In the aftermath of the Dunkirk evacuation and the fall of France in June 1940, things looked pretty bleak for the British, and indeed they were. The Battle of Britain followed almost immediately, and lasted until the end of October 1940, but the British outlast the German bombing raids. The next year, not long after the attack on Pearl Harbor, Churchill went to North America on a morale-boosting trip, both to welcome Britain's new ally (the United States) and to thank its long-standing ally (Canada). While addressing the Canadian Parliament in their House of Commons in Ottawa, Churchill famously quipped that Britain, despite being bombed almost into oblivion by the Luftwaffe, never had its neck wrung like a chicken, by saying "some chicken, some neck." That's right, Buzzkillers, this is a Churchill quote that's genuine. It was said by him. No, really, it was. We have the actual recording, but listen to this episode to hear the rest of the story!
The Buzzkill Institute has been inundated with phone calls, text messages, and panicked faxes after President Trump's recent response to North Korea's nuclear threats. He said: "North Korea best not make any more threats to the United States. They will be met with fire and fury like the world has never seen." Did he mean it? Could the President launch nuclear weapons in response to, for instance, a verbal threat? Or does the North Korean threat need to be actual, tangible, and immediate? Does the President need to know that the nuclear button on the North Korean leader's desk is about to be pushed before he pushes the button on his desk in the Oval Office? Find out in this episode!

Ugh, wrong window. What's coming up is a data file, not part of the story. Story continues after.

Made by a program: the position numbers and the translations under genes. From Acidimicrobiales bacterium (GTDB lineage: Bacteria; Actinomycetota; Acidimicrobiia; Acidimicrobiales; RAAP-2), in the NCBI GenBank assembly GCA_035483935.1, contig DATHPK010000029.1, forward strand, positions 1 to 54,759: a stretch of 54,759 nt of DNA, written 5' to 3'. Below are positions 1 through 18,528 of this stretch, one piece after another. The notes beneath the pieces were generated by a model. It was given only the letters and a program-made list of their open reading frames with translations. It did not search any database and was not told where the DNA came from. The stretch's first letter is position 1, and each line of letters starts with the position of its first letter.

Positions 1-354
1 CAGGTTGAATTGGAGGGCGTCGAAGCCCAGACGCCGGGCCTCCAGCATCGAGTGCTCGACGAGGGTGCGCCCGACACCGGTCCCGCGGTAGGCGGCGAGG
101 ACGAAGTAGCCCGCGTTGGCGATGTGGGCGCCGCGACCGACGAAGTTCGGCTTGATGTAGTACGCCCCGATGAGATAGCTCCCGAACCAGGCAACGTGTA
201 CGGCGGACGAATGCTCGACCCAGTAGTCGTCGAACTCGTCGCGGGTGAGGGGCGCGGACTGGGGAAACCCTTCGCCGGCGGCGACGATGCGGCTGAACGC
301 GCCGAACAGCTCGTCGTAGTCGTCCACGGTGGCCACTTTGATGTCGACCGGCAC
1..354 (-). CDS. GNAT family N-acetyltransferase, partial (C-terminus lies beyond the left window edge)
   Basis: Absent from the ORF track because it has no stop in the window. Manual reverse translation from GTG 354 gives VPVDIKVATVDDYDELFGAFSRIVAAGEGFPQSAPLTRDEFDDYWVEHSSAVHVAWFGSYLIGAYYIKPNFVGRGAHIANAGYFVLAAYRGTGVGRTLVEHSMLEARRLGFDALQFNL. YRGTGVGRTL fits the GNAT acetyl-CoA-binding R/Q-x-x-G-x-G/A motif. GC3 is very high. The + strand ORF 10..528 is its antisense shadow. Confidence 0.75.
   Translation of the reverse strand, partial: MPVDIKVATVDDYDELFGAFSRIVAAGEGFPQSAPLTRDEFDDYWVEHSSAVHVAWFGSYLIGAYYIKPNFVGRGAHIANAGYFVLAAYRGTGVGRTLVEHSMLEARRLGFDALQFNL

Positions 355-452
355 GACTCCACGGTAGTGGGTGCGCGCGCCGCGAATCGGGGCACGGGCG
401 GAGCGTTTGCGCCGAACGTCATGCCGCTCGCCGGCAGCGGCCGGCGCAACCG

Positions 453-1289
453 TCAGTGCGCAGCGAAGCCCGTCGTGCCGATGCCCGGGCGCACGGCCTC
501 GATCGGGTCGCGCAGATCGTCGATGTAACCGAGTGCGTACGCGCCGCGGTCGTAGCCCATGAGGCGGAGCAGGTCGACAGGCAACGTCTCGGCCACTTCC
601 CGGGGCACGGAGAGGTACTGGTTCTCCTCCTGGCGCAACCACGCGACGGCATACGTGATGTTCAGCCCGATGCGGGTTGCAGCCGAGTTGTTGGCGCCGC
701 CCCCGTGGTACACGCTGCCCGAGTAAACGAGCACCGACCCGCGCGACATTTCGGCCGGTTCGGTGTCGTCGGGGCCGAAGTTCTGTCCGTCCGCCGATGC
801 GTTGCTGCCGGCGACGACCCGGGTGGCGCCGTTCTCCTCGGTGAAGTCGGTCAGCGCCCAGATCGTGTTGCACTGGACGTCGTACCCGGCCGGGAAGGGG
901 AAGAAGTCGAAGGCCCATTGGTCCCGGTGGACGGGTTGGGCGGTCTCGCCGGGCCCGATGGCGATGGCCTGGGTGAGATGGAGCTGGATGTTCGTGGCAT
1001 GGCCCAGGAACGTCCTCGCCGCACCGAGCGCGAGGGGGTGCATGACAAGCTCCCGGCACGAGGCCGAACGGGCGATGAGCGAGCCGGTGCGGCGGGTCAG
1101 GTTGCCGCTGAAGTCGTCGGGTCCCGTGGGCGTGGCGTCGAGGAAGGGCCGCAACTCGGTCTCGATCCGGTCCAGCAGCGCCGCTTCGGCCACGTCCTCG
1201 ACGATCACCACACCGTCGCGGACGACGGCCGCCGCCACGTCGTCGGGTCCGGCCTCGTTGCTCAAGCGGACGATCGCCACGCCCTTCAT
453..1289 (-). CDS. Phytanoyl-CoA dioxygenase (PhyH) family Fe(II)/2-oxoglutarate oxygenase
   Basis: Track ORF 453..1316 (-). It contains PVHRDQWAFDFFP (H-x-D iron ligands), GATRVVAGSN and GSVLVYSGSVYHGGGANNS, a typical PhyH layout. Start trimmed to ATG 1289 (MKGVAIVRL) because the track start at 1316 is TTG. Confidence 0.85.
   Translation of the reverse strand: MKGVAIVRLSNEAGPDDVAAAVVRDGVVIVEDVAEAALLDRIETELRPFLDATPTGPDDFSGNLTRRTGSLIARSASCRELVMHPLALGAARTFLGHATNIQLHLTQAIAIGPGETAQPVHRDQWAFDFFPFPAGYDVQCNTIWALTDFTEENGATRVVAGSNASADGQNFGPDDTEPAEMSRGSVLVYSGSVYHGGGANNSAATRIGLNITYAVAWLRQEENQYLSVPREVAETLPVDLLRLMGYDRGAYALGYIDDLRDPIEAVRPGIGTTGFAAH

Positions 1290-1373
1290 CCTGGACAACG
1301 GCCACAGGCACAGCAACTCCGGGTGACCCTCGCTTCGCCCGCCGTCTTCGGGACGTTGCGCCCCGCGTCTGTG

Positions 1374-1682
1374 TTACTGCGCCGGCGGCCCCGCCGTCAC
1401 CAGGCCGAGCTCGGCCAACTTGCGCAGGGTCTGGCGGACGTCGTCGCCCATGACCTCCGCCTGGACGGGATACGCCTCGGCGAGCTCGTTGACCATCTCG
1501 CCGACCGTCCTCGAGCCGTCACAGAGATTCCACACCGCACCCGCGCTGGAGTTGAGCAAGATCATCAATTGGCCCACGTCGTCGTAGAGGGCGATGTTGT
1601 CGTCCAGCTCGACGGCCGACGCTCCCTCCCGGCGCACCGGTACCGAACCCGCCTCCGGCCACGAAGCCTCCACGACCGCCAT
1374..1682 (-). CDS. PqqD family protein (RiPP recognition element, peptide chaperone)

I like this "no quote," Buzzkillers, because it's history of full of all the things we've been talking about on this show -- phrases and sentiments that "sound" like they were said by a prominent person so "they must be from him," misplaced (or moved) punctuation, and the glorious and rapid assumptions displayed on social media that keep the Buzzkill Institute funded. "I will mourn the loss of thousands of precious lives, but I will not rejoice in the death of one, not even an enemy." - Martin Luther King, Jr. It's a clear and touching expression of true pacifism, and is certainly the type of thing that Martin Luther King, Jr. would have said. But he didn't. What he did say (or, more accurately, write) about killing was this, "Returning hate for hate multiplies hate, adding deeper darkness to a night already devoid of stars. Darkness cannot drive out darkness; only light can do that. Hate cannot drive out hate, only love can do that." It appears that Dr. King used this sentiment in sermons in the late 1950s, and it was published in his 1963 book, Strength to Love (which we've put on the Buzzkill Bookshelf). But the "I will mourn the loss of thousands of precious lives…" sentiment actually comes from someone else. Find out in this episode!